In contrast, Graph B depicts the findings from mice that were given doses of 706 µCi (represented by the blue line) and 835 µCi (illustrated by the orange line), with assessments conducted 24 hours after injection. The choice to employ these higher µCi activities in mice for the biodistribution study arose since these particular animals received slightly above-average activities. Hence, we chose to utilize them for this specific study, while reserving other animals for therapeutic efficacy evaluations.

By looking into the biodistribution at these distinct intervals post-administration, we gain a clearer understanding of the dispersal and concentration of the nanoparticles within the biological system. This aids in painting a comprehensive picture of their potential therapeutic benefits and their safety profile.

Therapeutic Efficacy of BSA-Coated Gold Nanoparticles

In Table 2, the outcomes from the examination of 12 mice treated with 198AuNPs BSA over a span of 21 days are presented. The table delineates the radioactive activity administered in each subject, as well as initial tumor volumes and observed volume changes post therapeutic intervention. Throughout the stipulated period, animals were bi-weekly monitored, furnishing an accurate assessment of tumor progression.

 Table 2 

Therapeutic Efficacy of AuNPs BSA in BALB/c Nude mice with PC-3 prostate tumors. The blue section corresponds to Group 1 (G1) mice, while the yellow section refers to Group 2. The first column individually identifies each treated mouse, followed by the column specifying the administered radioactive activity. The following columns show the measurements of tumor volume at the beginning and after 22 days of treatment. The skull icon signifies the death of the mouse. The absence of a value in the mm³ column indicates that the tumor mass was so small that it could not be measured by the digital caliper.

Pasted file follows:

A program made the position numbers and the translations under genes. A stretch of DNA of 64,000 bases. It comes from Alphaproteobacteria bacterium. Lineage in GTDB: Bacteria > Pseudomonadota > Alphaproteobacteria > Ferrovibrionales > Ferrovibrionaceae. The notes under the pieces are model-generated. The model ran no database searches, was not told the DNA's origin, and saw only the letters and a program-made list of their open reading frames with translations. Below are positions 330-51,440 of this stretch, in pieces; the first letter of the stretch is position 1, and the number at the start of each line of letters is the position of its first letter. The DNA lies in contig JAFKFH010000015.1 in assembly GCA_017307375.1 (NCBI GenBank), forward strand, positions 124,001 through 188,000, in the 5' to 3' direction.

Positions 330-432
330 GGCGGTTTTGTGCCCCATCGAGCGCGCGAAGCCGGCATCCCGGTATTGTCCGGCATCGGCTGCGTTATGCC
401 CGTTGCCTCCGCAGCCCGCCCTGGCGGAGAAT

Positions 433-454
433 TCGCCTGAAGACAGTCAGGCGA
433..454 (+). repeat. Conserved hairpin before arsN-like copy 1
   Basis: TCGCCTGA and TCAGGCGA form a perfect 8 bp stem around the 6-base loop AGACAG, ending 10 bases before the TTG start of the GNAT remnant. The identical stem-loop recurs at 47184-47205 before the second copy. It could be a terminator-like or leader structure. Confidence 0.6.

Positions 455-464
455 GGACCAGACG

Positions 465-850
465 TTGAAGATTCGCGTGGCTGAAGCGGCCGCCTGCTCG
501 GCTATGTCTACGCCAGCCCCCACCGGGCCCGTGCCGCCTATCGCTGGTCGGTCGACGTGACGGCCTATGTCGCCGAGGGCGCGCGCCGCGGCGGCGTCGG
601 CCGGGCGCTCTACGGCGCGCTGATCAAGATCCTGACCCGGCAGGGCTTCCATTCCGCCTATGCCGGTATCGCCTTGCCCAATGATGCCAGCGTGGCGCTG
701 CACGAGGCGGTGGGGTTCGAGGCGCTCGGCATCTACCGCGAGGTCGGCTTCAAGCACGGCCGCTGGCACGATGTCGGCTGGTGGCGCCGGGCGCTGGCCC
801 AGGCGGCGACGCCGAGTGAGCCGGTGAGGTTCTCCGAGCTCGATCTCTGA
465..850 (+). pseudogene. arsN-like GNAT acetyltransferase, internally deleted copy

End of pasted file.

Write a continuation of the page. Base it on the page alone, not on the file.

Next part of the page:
ID Treated AnimalsInjected Activity (µCi)Initial Volume mm3Final Volume mm3Tumor Volume Variation
A1 9111412,0011,83NN
A2 9115417,00107,63--100%
A3 9138472,00131,70NN
A4 9137438,0064,8754,27-16%
A5 9136402,0072,43NN
A6 9135429,00138,59229,2165%
A1 9113762,0018,31NN
A2 9134640,0025,108,98-64%
A3 9133414,0054,6766,5622%
A4 9132410,0020,0416,73-17%
A5 9114559,0057,96--100%
A6 9119268,0016,58--100%

Upon treatment with the nanoparticles, clear changes in the tumor masses were discernible. It is noteworthy that Group 2 appears to demonstrate a more effective therapeutic response (Figure 6). Figure 7 depicts the trajectory of tumor volume reduction from the outset, spanning the seventh day and extending to the fourteenth day post-treatment, at which point the mass approached zero. Furthermore, with an initial volume of 107.63 mm³, a significant reduction in volume was observed on the seventh day after treatment, to the extent that measurement with a digital caliper became unfeasible.

Figure 8 highlights the volume reduction in another mice, starting with an initial volume of 16.58 mm³, which also exhibited complete regression, marked by the absence of visible tumoral tissue beneath the skin.

It's worth noting that, while these results are preliminary, the application of BSA-coated gold nanoparticles showcases a promising path for targeted therapeutic interventions in cancer treatments. Further research and optimizations could pave the way for a revolutionary approach in managing malignancies.

 Figure 4